Wednesday, December 27, 2006

The boys are back in town

After a relaxing holiday break, the Screaming Eagles and their fans are back to C200 tomorrow night as the team kicks off the second half of the season with a game against the Saint John Sea Dogs.

Tomorrow night's game should see one of the bigger crowds of the season on hand, as many people are home for the holidays. This should create for a real fun atmosphere inside the rink; the game is always a more exciting experience when it's played in front of a packed house!

The Screaming Eagles had a very good first half, entering tomorrow night's game with a record of 24-12-2 for 50 points in the league standings. They'll try to start the second half on a positive note when they face a recently-renovated Sea Dog team. Saint John has made several trades since the opening of the Christmas trading period. The following is a brief look at who's come and gone for the Sea Dogs:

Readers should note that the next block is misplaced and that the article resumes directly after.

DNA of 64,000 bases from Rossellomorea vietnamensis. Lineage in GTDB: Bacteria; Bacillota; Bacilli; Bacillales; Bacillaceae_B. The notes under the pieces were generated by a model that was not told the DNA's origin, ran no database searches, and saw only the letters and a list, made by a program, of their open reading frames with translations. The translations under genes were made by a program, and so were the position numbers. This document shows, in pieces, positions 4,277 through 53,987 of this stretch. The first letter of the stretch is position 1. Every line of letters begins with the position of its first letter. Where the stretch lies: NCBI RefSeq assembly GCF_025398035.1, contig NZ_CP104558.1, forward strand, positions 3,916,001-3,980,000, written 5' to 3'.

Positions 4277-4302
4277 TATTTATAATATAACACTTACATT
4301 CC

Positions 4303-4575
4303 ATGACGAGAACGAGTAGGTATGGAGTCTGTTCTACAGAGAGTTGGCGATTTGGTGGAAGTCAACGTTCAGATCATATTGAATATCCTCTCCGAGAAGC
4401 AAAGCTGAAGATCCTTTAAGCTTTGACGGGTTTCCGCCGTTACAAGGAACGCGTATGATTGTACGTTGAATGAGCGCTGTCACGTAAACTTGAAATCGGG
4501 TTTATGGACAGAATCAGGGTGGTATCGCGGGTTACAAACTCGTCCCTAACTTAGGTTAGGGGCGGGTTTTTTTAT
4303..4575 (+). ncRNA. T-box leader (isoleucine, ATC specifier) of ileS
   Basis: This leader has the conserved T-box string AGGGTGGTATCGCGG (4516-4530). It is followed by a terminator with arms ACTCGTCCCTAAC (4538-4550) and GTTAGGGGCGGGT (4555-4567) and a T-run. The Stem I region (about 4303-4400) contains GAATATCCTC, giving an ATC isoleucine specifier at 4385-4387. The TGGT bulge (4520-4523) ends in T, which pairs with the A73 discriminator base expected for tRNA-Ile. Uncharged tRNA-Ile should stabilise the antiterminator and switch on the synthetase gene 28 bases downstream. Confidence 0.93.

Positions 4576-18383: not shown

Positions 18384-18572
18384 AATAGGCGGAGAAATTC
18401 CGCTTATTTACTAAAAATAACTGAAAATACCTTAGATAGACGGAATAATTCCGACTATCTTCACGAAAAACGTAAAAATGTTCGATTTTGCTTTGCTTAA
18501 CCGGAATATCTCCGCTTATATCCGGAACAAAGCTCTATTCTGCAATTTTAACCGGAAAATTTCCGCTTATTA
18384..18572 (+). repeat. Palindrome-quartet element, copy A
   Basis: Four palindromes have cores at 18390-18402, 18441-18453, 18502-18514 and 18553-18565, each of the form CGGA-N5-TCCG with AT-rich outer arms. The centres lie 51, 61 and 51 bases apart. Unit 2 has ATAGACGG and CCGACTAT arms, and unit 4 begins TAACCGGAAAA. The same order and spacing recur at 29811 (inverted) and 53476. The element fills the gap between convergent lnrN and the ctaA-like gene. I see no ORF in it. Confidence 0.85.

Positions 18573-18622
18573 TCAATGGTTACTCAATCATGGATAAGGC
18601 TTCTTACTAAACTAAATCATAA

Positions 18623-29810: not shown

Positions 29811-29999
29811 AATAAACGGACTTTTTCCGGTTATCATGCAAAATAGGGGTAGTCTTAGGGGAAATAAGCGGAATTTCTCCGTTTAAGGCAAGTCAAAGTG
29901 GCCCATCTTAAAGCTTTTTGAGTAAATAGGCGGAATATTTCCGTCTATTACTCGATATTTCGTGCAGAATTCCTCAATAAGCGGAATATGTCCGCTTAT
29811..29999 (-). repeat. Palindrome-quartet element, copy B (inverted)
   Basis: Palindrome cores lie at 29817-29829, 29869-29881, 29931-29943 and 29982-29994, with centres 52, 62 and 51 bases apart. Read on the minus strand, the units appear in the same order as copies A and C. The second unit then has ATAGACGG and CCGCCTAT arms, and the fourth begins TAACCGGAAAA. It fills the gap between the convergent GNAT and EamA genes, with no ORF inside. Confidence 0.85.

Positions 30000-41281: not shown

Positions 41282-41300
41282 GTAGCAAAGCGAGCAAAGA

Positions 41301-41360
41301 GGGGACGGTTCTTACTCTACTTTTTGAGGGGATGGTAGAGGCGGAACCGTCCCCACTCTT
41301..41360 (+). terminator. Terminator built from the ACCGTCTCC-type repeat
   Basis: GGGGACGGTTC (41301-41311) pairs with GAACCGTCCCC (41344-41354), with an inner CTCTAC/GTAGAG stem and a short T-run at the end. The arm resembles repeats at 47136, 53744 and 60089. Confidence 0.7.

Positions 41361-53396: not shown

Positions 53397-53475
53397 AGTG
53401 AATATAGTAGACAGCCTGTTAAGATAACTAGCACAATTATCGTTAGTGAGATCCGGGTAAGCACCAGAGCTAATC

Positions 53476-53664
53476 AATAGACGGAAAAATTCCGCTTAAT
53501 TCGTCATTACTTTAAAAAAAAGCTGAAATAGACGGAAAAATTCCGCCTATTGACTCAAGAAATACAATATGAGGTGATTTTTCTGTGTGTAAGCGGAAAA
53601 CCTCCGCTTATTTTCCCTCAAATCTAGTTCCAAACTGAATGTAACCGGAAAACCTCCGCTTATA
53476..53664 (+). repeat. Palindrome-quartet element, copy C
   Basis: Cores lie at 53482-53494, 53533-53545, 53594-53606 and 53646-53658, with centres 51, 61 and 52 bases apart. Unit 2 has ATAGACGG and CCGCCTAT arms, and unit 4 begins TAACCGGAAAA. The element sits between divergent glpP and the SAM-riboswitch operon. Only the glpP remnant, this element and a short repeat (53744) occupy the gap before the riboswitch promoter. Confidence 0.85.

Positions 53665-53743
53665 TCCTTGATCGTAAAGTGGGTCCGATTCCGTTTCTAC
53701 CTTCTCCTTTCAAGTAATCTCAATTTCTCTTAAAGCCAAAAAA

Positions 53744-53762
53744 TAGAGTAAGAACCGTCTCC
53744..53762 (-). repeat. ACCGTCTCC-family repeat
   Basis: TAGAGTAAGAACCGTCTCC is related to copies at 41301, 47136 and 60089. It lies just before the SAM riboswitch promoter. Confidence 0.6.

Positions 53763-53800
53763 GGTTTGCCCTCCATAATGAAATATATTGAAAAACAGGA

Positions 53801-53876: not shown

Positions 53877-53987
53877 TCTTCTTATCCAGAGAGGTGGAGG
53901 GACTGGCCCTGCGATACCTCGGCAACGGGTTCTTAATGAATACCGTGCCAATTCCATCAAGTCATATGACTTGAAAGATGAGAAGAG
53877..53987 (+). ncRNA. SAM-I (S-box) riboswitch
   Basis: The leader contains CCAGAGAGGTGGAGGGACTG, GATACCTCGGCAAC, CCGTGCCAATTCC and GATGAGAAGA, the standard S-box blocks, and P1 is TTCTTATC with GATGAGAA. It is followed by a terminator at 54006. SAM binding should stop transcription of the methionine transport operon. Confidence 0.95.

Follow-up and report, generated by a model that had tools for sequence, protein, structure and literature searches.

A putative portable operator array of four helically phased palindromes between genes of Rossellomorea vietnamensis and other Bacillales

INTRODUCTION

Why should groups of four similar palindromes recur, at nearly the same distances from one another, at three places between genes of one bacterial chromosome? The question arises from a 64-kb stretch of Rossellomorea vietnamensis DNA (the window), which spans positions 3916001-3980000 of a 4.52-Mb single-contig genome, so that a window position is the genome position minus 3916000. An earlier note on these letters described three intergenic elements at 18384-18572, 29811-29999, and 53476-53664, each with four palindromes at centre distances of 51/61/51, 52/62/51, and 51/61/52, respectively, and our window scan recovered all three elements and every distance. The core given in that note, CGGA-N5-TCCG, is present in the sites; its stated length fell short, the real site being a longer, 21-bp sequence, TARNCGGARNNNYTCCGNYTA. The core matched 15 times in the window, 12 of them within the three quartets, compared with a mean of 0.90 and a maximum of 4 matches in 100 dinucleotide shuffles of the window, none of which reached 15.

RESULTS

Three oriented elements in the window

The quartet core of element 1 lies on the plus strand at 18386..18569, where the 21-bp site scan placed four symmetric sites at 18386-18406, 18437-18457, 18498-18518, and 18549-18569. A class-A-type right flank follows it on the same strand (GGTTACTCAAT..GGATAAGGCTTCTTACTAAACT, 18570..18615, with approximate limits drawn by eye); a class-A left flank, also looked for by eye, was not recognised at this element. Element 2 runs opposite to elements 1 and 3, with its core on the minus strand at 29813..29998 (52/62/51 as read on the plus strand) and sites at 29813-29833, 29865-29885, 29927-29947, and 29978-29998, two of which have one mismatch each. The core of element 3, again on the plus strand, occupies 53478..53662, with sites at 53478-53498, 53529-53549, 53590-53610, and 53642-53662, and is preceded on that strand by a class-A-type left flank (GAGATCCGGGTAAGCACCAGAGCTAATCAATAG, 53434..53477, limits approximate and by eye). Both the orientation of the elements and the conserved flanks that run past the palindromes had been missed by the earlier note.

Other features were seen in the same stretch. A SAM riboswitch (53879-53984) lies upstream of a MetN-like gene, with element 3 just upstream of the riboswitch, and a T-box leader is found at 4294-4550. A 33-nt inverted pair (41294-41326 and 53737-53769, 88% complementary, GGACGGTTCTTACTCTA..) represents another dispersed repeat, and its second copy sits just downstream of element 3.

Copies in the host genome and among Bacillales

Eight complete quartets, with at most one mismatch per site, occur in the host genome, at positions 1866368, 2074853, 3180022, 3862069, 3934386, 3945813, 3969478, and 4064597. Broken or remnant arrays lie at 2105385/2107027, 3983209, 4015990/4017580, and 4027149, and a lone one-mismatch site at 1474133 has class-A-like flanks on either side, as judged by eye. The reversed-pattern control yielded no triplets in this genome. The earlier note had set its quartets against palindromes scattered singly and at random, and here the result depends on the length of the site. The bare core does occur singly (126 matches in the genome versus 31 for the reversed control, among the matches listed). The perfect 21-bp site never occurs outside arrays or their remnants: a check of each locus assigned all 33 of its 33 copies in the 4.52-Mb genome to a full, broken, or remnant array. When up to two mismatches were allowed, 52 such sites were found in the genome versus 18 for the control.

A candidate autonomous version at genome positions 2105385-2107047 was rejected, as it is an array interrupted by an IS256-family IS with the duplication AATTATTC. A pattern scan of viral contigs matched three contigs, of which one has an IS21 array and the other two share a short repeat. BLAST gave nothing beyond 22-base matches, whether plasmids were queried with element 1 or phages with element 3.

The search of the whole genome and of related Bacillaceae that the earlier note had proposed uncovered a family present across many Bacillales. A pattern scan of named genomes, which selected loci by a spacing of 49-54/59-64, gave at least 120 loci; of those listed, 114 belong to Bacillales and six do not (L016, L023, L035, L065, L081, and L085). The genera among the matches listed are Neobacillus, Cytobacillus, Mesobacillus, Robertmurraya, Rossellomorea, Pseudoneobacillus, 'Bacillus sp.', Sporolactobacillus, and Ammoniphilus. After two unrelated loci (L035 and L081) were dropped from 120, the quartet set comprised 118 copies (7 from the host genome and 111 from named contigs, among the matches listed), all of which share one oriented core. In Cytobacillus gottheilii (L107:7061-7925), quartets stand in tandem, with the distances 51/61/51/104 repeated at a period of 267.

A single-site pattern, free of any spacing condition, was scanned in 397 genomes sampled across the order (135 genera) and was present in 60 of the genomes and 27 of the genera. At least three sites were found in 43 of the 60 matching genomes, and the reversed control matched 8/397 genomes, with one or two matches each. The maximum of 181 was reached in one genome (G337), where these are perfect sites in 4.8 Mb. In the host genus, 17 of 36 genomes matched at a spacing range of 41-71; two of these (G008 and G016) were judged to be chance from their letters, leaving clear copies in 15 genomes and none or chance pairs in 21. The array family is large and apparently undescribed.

In: Keven Guerette-Charland and Kyle Kelly (from Victoriaville), Bruno Desjardins and Alexandre Leduc (Val d'or), as well as goaltender Travis Fullerton (Lewiston).

Out: Charles Bergeron (to Acadie-Bathurst), Felix Schutz (Val d'or), Alexandre Labonte and Alexandre Monahan (Victoriaville), Maxime Dubuc (St. John's), Dave Bouchard (kicked off team after controversial "flag incident").

Saint John sits in last place in the East Division and second-last place overall in the league, but of course no opponent can be taken for granted. Cape Breton found that out just before the break in Halifax, when they were maybe a bit overconfident going into that second game against the Mooseheads.

The Sea Dogs also feature in their lineup Sydney native Ryan Sparling, who is among their leading scorers. One more kid to watch is defenceman Yann Sauve, the top pick in the latest Q midget draft.

Cape Breton enters this game with a big boost on defence with the return of Oskars Bartulis, who was playing in the Pool B World Juniors with Latvia. Though the defence held up quite well while he was gone, he was missed (especially on the powerplay) and it will be great to have him back in the lineup tomorrow night for the first time in almost a month. Also scheduled to return soon from injury are defencemen Etienne Breton and Daniel Fazzalari, although I honestly don't know if either would be back for tomorrow night's game.